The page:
WHEN veteran Irish stage and film actor Fionnula Flanagan met with producers and writers of Showtime's "Brotherhood" to discuss her portrayal of the Irish-born working class matriarch of the show, Rose Caffee, one of the first questions she asked the producers was, "What does she do for sex?"
"Everybody went, 'Whoa! Rose has affairs?' " Flanagan recalled, a smile lighting up her bright blue eyes. "Just because I was the matriarch. I said, 'Get over it!' "
If the characters on "Brotherhood" traveled to her native Ireland, Flanagan said, they would have a similar reaction to modern Dublin, with its multicultural, multilingual urban life and the clamor for change in the Roman Catholic Church and the rights of women.
"Those kinds of Irish American working class families have never been to Ireland and would be really taken aback by the Ireland of today," she said. "Many of them would not have known a lot about Irish history. They had no access to the literature. You're living totally out of context."
In Flanagan's view, the fictional Caffees of Providence, R.I., are the beleaguered denizens of a working class ethnic backwater whose world is swiftly eroding as modern America leaves them behind. Cut off from their ancestral roots, their anxieties are fueled by the arrival of yuppie gentrification and the departure of their jobs offshore or to newer waves of immigrants.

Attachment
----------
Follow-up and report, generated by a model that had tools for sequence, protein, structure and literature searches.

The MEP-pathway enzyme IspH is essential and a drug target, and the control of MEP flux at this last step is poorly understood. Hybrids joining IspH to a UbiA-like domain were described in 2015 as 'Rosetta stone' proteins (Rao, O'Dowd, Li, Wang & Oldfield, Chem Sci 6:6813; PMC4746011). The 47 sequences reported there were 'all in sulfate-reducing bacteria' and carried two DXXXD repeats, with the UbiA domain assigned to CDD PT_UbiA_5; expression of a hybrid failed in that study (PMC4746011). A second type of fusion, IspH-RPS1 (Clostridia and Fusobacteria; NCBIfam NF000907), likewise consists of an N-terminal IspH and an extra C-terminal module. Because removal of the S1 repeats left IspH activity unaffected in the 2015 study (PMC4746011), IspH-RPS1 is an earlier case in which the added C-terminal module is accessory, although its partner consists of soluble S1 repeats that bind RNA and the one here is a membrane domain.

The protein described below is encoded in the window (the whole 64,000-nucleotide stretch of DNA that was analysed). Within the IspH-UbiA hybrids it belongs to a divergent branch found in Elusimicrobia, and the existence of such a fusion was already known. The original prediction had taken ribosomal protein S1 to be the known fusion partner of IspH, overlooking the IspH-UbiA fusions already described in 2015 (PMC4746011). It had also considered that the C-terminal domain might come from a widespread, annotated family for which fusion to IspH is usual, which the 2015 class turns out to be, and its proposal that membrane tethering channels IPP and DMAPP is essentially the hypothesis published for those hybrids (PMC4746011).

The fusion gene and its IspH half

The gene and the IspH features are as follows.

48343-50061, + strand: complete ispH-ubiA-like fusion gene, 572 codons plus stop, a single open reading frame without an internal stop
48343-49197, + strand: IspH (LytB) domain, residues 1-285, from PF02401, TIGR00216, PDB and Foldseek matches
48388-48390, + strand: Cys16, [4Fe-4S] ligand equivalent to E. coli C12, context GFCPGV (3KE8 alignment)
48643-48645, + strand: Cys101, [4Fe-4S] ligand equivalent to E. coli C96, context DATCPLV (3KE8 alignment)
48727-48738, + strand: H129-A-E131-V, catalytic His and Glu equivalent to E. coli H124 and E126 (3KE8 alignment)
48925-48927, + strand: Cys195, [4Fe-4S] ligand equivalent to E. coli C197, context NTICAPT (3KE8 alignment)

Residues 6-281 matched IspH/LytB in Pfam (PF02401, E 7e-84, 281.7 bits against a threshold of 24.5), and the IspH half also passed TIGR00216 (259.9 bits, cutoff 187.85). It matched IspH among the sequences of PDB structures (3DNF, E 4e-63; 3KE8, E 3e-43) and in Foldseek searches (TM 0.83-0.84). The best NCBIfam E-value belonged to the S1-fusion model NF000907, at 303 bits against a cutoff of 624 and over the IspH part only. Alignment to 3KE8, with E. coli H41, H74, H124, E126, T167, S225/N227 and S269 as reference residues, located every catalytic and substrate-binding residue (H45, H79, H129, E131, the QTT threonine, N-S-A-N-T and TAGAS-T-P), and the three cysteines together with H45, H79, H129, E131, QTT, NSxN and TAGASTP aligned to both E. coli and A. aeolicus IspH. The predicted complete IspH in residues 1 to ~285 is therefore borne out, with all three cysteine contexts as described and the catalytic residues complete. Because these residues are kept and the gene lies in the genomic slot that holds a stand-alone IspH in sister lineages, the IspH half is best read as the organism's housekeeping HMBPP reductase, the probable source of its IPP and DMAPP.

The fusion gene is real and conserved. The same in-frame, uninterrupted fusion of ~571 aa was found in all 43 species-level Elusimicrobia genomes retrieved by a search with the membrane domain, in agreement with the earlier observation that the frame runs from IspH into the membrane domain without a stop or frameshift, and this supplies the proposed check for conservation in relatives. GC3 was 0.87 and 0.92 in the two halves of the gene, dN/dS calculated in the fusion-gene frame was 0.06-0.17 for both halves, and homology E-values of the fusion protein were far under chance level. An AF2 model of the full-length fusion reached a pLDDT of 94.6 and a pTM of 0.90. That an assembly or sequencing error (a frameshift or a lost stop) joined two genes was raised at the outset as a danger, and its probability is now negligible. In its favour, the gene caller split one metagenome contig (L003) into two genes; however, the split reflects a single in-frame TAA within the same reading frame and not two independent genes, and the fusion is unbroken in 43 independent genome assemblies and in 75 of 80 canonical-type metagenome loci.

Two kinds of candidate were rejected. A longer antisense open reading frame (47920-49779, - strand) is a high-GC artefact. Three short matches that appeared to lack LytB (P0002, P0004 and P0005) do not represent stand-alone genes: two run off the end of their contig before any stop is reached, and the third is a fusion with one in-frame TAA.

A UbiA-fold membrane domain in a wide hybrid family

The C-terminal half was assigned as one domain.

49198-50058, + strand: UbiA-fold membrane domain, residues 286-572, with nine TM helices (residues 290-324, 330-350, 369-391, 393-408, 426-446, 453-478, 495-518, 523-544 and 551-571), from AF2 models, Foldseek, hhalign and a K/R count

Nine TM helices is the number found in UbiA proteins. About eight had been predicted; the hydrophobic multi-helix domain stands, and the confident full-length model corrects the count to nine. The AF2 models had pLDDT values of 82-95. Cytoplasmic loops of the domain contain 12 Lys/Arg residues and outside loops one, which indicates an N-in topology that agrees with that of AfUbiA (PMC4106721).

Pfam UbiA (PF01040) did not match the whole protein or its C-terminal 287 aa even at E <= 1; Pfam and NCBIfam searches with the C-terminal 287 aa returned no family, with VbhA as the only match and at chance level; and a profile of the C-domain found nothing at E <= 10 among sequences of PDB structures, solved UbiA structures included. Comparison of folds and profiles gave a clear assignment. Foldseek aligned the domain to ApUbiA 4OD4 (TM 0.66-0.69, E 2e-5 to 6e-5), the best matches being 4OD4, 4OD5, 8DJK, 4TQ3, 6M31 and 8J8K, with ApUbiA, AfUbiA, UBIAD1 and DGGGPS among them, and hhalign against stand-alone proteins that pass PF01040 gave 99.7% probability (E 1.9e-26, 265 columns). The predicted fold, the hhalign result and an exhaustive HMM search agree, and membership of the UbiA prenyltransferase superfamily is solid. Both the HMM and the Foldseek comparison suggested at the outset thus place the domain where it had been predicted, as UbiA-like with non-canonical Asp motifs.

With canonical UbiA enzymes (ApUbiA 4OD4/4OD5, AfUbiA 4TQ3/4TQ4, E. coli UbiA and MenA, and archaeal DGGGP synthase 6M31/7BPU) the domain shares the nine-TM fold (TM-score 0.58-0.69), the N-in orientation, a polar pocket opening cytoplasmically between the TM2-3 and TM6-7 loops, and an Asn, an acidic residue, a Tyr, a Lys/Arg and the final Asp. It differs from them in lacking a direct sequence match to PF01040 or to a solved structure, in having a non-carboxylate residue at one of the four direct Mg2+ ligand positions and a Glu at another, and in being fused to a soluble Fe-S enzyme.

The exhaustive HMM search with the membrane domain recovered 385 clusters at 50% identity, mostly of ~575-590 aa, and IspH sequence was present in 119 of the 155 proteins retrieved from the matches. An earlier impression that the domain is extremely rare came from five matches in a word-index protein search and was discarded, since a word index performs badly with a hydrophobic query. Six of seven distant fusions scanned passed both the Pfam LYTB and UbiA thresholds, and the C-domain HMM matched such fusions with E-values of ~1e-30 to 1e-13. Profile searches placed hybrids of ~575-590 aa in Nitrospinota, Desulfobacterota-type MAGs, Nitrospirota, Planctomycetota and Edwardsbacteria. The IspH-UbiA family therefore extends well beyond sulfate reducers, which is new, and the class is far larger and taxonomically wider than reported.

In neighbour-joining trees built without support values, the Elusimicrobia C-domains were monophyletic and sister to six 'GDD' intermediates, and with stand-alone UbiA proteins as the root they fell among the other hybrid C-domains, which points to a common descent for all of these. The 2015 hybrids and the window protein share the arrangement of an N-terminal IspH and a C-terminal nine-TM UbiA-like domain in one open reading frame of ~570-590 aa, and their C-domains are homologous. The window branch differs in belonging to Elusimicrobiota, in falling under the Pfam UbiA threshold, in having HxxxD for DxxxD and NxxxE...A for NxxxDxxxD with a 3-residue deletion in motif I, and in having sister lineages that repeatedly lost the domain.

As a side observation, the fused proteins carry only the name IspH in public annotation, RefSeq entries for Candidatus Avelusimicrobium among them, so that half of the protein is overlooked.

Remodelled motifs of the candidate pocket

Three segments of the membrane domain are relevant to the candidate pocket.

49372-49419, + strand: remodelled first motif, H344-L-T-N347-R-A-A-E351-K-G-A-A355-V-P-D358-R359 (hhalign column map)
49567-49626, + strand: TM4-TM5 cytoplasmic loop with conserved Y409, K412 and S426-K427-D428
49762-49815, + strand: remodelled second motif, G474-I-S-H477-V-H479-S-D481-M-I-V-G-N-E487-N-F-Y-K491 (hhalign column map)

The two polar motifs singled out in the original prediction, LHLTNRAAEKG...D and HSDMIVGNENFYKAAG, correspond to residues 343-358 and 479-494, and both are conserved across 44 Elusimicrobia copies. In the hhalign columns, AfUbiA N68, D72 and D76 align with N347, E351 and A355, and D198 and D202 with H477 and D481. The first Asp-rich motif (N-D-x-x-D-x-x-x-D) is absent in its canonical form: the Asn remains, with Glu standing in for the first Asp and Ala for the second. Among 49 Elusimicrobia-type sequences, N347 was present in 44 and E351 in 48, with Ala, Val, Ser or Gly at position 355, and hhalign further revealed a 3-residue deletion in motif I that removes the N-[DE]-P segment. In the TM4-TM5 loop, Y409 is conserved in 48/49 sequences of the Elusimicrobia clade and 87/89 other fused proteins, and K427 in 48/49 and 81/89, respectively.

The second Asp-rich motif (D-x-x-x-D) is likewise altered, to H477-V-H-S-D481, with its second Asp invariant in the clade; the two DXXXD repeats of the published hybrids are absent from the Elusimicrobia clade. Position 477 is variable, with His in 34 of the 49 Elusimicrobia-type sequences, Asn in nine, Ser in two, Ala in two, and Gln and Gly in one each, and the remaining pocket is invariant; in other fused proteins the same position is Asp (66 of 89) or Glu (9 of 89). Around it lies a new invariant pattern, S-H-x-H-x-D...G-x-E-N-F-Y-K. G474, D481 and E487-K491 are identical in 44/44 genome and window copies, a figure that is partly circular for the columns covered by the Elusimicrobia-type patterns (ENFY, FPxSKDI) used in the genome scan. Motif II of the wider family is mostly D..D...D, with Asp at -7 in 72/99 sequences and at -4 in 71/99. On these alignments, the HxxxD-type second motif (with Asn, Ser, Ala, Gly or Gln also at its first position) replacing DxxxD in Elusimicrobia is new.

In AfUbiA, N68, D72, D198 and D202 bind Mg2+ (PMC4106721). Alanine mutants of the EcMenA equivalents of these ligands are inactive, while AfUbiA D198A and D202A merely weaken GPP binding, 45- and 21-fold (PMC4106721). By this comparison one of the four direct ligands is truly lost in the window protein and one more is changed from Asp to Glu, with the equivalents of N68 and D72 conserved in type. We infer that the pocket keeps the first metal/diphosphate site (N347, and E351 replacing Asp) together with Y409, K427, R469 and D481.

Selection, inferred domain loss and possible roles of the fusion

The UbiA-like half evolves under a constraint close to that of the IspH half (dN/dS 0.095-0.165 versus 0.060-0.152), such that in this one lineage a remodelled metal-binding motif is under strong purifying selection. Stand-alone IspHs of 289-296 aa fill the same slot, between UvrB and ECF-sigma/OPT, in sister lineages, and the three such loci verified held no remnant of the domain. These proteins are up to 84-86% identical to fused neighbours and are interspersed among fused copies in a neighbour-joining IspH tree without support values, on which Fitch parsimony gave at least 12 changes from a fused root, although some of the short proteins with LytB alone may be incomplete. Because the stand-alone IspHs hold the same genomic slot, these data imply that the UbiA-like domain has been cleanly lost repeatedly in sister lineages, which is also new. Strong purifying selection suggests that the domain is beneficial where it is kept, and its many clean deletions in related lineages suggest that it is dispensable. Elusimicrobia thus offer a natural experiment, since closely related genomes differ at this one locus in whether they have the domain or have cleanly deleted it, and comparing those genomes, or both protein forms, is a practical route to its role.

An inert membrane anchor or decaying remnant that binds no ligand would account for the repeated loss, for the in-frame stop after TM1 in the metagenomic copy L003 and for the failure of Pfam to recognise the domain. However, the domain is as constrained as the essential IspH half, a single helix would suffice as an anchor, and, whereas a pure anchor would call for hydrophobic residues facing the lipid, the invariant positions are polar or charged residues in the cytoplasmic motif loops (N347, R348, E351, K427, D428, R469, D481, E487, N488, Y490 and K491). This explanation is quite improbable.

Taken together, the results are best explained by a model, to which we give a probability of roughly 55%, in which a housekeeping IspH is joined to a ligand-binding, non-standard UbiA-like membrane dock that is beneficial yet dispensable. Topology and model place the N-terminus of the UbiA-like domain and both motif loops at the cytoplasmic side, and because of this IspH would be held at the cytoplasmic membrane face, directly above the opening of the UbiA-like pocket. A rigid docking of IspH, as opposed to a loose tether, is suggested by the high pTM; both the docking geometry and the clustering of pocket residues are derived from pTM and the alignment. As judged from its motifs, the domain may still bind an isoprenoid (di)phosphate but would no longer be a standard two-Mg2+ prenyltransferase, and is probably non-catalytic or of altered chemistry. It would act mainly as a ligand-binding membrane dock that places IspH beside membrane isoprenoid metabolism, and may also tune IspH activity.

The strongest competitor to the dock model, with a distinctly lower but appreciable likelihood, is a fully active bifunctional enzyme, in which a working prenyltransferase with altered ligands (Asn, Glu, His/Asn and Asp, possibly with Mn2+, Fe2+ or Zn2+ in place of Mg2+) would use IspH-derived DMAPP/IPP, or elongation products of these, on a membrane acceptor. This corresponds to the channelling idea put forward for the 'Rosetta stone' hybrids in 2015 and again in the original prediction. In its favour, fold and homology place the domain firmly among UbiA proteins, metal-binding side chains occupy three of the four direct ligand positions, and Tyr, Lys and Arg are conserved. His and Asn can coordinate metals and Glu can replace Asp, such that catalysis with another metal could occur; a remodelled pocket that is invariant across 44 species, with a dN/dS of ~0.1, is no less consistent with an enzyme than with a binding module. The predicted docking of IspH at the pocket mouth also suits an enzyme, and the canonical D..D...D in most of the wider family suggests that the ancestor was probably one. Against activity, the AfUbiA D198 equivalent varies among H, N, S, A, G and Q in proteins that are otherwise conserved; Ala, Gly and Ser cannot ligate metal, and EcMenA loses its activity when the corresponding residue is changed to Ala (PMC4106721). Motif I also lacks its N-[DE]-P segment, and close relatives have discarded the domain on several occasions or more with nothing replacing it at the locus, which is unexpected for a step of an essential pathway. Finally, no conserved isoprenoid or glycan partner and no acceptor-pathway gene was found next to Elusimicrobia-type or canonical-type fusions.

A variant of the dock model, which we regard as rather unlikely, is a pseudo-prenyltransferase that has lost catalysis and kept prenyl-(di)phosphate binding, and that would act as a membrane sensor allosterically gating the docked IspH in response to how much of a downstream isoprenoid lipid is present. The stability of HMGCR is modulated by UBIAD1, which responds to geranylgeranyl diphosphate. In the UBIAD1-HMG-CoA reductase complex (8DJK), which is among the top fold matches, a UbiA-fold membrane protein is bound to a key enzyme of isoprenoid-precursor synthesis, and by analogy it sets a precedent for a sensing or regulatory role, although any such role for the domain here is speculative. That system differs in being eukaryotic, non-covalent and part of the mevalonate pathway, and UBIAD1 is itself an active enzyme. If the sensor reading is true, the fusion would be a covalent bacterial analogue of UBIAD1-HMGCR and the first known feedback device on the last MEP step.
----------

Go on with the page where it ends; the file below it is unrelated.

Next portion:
"They grew up in a tiny enclave where everyone knew everyone, and everyone was Irish and they were all intermarried," she said. "Their tribe is being threatened by people leaving the neighborhood and neighborhoods disintegrating. New people come in, and you don't know them or their customs. Their world is vanishing.
"To have that taken away is very frightening and threatening."
The Caffees — charismatic gangster Michael and wily politician Tommy — parallel the real-life drama of South Boston's Bulger brothers: James "Whitey" Bulger, an Irish American gangster, is on the same FBI most-wanted list as Osama bin Laden. His brother William "Billy" Bulger, a former state Senate president, recently retired as president of the University of Massachusetts, where he once invited the head of the Provisional Irish Republican Army's political wing to speak to a graduating class.
It's an identifiably Irish American clan — but where, one wonders, are the Irish roots of these ethnic underdogs? If there is a recognizably Irish character on "Brotherhood," it is the Rose Caffee interpreted by Flanagan, who was given wide latitude to shape her character.
Flanagan is the daughter of a veteran Irish nationalist who also fought in the Spanish Civil War.
In her youth, she was a favorite to play James Joyce's Molly Bloom, creating a stir in New York when she played it lusciously bare-breasted and her character pleasured herself on stage.
After moving to the United States to work in theater in the 1960s, she met and married Garrett O'Connor, the cousin of the late actor Carroll O'Connor, who played Archie Bunker in "All in the Family." Their hillside home is a light-filled gallery: Posters of a glamorous young Fionnula Flanagan in such dramas as "Gunsmoke" and "How the West Was Won" hang alongside primitive paintings from Nicaragua and photographs of her and her husband with leftist Sandinista leaders in Managua in the 1980s.